The Street Addict Role

A Theory of Heroin Addiction

By Richard C. Stephens

Subjects: Addictions
Series: SUNY series, The New Inequalities
Paperback : 9780791406205, 223 pages, July 1991
Hardcover : 9780791406199, 223 pages, July 1991

Alternative formats available from:

Table of contents



1. Introduction

2. The Symbolic Interactionist Perspective

3. Towards a Role Theoretic Model of Heroin Use

4. Becoming and Being a Street Addict

5. Individualistic Explanations for Heroin Use

6. Origins of the Street Addict Role

7. Treatment for the Street Addict

8. What Is To Be Done




This book provides a new answer to the question, "Why do people use heroin and other street drugs?" Drawing upon a growing body of studies of drug users conducted by sociologists and anthropologists, it attempts to integrate their findings into a theoretically unified sociocultural explanation of heroin use. The theory, which draws heavily upon the insights of symbolic interactionist and role theory, posits that there is a street subculture of heroin users. The chief role in this subculture — the street addict role — becomes a blueprint for living for many heroin users. Addicts are heavily committed to this role and organize their behavior and self-identification around it. From this basic starting point, the theory explains how persons become and remain addicts and how they may eventually give up addictive behavior.

Richard C. Stephens is Professor of Sociology, Cleveland State University.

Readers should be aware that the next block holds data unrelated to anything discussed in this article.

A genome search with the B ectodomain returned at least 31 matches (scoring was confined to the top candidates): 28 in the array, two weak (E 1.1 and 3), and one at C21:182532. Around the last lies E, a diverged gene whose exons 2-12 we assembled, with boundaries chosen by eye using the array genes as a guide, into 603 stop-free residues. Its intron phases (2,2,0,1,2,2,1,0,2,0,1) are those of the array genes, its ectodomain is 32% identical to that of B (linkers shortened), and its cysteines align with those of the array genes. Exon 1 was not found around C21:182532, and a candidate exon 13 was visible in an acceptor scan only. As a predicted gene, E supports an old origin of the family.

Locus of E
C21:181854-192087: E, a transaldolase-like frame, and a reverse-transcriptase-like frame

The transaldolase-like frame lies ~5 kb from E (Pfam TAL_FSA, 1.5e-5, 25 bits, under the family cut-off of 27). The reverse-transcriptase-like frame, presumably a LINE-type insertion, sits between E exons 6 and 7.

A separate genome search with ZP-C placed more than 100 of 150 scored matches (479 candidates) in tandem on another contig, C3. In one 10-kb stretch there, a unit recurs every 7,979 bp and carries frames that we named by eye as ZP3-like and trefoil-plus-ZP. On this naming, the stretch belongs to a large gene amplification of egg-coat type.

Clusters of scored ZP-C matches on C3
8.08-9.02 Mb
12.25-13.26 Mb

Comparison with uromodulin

"I find this book clear, comprehensive, and interesting. Stephens has done a fine job in reviewing the relevant literature and bringing to bear along with it his observation encompassing a distinguished career as a drug abuse researcher.

"The theory which he presents is an interesting, intriguing one. He is able to explain the persistence and pervasiveness of the heroin addict's behavior. He effectively challenges previous conceptualizations which involve an emphasis on individual pathology or an over-reliance on the pharmacological effects of the drugs. The theory is interesting because it makes sense intuitively to those of us who have had extensive experience with these kinds of drug abusers. It provides a plausible explanation for why 'junkie behavior' is so difficult to extinguish in the patients/clients that we work with. The theory is also quite interesting because Stephens has been able to plausibly explain the sociocultural roots of this behavior." — Harvey A. Siegal, Professor and Director, School of Medicine, Wright State University